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Coronavirus US: Florida beaches to start reopening this evening | Daily Mail Online

Beaches in Jacksonville, Florida will be among the first in the United States to reopen to the public this evening following President Trump’s announcement that states can decide themselves when to lift restrictions. 

Republican Mayor Lenny Curry said he is letting the public back onto Duval County beaches at 5pm Friday for ‘essential activities only’ because he is ‘encouraged’ by the rate of infections and hospitalizations and said there is evidence they are flattening the curve.

‘This can be the beginning of the pathway back to normal life,’ he said on Thursday. ‘Please respect and follow these limitations. Stay within the guidelines for your safety as well as for the safety of your neighbors.’  

With cases still rising in Florida, the beaches re-opening goes against Trump’s recommendations in his three-phase plan that infection rates should have declined for 14 days before re-opening begins.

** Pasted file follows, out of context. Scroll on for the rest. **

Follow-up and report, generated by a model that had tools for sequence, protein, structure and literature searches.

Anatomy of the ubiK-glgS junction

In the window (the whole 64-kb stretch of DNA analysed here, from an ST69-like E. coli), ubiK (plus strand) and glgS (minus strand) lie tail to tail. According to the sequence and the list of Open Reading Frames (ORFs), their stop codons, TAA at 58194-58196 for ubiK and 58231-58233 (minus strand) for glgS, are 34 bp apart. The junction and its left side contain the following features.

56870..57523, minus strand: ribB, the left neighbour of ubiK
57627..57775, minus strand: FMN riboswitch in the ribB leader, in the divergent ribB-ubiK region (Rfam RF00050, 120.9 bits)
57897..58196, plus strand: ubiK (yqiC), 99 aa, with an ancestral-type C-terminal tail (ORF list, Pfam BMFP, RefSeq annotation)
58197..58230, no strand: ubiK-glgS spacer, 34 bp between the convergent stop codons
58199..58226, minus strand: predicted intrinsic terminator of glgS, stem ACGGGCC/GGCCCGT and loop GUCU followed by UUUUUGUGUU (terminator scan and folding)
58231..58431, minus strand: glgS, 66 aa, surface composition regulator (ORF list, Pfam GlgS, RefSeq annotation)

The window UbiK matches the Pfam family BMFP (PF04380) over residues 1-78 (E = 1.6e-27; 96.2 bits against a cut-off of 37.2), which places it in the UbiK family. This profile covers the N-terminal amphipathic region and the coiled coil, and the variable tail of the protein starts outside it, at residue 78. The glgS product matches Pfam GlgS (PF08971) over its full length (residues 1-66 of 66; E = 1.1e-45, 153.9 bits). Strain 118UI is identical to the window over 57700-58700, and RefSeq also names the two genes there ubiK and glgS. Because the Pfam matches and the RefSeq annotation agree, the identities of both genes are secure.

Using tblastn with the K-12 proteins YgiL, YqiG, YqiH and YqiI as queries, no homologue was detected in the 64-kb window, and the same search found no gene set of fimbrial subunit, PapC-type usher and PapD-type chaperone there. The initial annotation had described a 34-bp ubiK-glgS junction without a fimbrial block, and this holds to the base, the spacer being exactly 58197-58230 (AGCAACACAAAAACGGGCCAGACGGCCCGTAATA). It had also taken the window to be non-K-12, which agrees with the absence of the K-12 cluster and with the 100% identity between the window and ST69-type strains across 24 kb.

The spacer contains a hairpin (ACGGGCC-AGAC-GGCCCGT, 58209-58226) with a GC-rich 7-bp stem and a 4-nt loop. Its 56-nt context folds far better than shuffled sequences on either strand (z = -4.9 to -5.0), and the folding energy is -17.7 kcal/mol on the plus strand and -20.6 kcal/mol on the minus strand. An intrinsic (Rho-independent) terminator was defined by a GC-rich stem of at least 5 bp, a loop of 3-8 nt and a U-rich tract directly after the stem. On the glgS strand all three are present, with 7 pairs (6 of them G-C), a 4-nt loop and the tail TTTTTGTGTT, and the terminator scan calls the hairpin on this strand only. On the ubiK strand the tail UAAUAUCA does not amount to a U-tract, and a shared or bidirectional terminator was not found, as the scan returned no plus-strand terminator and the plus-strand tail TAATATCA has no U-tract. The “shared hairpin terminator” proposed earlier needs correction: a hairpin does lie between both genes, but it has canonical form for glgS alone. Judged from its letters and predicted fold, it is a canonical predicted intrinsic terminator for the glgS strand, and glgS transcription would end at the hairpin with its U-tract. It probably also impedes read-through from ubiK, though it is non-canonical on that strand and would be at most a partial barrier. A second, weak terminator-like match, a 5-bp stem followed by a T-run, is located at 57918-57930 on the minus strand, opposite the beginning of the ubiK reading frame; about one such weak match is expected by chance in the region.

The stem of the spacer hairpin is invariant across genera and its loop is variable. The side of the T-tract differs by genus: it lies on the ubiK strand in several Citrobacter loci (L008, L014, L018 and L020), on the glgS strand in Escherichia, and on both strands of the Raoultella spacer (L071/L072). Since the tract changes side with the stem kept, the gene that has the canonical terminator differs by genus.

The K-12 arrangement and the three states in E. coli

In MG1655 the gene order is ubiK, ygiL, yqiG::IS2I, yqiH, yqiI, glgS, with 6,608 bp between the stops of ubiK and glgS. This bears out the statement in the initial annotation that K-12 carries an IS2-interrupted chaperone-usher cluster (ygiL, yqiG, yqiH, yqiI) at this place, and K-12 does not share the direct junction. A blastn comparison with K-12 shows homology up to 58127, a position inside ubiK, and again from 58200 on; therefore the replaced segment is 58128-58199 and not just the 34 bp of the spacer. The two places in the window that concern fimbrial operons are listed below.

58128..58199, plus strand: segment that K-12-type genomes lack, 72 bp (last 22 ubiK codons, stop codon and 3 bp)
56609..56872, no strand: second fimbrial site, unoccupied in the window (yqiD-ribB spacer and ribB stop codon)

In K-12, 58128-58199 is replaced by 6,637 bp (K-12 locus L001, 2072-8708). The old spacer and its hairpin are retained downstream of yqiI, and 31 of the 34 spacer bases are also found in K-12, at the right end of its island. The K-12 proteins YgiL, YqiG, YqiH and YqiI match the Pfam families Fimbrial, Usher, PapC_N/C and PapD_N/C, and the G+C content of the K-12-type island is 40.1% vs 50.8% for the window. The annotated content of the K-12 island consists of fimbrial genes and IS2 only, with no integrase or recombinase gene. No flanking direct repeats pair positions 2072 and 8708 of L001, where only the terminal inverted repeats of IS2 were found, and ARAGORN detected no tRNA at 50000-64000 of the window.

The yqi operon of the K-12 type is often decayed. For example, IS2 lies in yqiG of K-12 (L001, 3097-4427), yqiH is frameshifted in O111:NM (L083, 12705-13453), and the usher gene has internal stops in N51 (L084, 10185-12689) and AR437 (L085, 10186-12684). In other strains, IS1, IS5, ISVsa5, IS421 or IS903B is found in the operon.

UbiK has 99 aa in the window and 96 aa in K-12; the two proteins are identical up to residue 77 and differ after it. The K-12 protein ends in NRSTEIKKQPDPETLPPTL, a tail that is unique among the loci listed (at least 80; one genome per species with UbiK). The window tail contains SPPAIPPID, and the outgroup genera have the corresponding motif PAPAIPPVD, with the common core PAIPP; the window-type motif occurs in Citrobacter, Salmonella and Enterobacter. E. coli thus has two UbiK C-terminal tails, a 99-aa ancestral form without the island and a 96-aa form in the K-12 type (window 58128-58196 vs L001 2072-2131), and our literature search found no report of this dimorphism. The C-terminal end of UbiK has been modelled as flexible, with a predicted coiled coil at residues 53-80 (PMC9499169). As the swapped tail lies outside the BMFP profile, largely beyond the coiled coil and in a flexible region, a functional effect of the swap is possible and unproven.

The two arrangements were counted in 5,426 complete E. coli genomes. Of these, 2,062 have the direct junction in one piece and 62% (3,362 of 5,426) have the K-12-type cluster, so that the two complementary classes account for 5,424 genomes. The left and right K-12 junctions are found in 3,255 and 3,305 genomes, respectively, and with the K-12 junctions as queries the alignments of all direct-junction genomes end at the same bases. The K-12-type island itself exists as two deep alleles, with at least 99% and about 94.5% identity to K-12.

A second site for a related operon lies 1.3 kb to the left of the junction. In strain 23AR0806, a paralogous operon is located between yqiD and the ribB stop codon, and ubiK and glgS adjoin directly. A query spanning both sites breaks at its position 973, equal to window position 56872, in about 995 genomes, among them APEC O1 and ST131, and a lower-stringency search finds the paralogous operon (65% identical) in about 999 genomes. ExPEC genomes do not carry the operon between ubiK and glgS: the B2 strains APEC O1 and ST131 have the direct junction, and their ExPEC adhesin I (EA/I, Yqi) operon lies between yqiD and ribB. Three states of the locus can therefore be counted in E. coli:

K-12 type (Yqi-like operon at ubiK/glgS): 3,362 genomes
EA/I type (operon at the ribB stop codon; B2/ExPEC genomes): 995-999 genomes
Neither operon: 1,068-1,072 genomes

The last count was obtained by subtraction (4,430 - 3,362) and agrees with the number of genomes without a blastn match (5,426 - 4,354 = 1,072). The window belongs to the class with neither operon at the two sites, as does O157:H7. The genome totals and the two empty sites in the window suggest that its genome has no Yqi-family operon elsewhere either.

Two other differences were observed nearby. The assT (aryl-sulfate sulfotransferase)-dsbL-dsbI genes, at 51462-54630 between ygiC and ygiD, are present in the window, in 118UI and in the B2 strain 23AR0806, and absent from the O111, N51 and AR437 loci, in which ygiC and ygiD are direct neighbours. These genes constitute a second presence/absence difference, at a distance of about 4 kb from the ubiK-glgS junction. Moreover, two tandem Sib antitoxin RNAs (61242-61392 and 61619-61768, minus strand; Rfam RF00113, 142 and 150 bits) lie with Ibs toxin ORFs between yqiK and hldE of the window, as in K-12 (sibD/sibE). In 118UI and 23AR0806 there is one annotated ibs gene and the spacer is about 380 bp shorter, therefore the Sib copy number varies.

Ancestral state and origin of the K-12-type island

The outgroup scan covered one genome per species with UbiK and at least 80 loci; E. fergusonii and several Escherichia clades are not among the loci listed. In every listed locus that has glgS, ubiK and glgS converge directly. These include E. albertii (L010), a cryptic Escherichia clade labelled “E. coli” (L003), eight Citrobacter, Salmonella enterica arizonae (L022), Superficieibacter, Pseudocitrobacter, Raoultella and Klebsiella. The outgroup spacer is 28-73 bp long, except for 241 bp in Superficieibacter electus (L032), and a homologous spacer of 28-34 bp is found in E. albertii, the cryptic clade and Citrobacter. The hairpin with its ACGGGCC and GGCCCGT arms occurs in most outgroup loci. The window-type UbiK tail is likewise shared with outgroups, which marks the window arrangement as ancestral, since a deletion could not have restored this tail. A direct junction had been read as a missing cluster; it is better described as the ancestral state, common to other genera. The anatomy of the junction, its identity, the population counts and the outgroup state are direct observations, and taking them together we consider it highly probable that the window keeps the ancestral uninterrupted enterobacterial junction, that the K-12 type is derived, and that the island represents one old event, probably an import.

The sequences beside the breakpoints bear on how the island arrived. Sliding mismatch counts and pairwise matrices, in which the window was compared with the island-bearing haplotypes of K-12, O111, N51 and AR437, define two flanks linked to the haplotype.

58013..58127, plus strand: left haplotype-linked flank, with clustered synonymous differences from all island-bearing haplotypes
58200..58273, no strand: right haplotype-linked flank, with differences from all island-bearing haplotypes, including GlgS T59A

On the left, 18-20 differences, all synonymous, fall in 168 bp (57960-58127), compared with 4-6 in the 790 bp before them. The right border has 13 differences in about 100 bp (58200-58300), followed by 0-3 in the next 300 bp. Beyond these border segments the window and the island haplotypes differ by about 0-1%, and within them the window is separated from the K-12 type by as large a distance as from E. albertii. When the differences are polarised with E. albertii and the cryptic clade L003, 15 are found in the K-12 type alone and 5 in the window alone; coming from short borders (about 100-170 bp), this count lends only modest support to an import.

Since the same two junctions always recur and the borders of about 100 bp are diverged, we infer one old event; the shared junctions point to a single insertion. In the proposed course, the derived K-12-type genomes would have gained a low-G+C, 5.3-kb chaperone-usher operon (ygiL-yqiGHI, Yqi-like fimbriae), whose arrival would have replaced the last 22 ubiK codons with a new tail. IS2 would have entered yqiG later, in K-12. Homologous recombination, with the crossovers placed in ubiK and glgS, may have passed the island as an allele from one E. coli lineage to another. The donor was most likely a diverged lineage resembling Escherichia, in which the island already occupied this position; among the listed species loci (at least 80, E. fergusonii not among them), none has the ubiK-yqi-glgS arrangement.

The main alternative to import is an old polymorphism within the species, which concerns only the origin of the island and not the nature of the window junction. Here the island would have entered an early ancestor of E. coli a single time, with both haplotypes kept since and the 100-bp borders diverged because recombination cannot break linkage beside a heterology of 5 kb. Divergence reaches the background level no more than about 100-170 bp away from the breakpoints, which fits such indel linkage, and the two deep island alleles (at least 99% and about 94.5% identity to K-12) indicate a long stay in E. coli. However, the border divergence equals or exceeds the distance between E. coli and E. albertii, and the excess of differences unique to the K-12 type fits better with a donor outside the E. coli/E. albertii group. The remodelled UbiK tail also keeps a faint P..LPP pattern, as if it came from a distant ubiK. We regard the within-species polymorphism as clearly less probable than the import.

Florida officials, including Gov. Ron De Santis, were criticized early on in the pandemic for not closing the beaches during spring break. Shocking photos from March show huge crowds frolicking on the sand and ignoring social distancing advice.

The number of new cases in 24 hours in Duval County dropped from 43 on April 13 to 17 on April 15, however hospitalizations remained the same with 63 each day over the last 48 hours. Neither have dropped consistently in two weeks and the total number of infections stands at 780.

The state reported a death toll of 668 on Thursday, a 24 hour increase of 54. There are now more than 23,300 cases of COVID-19 in Florida.  

Curry’s move means residents can go for a walk, swim, surf, run or fish, as long as they adhering to social distancing guidelines. However, sunbathing, camping overnight and gatherings of more than 50 people will be banned. People have also been warned to enter the water at their own risk as lifeguards will not be on duty. 

Jacksonville is one of the first major metropolitan areas to open their beaches. Santa Cruz in California also lifted restrictions to allow surfing for the first time since a lockdown was implemented.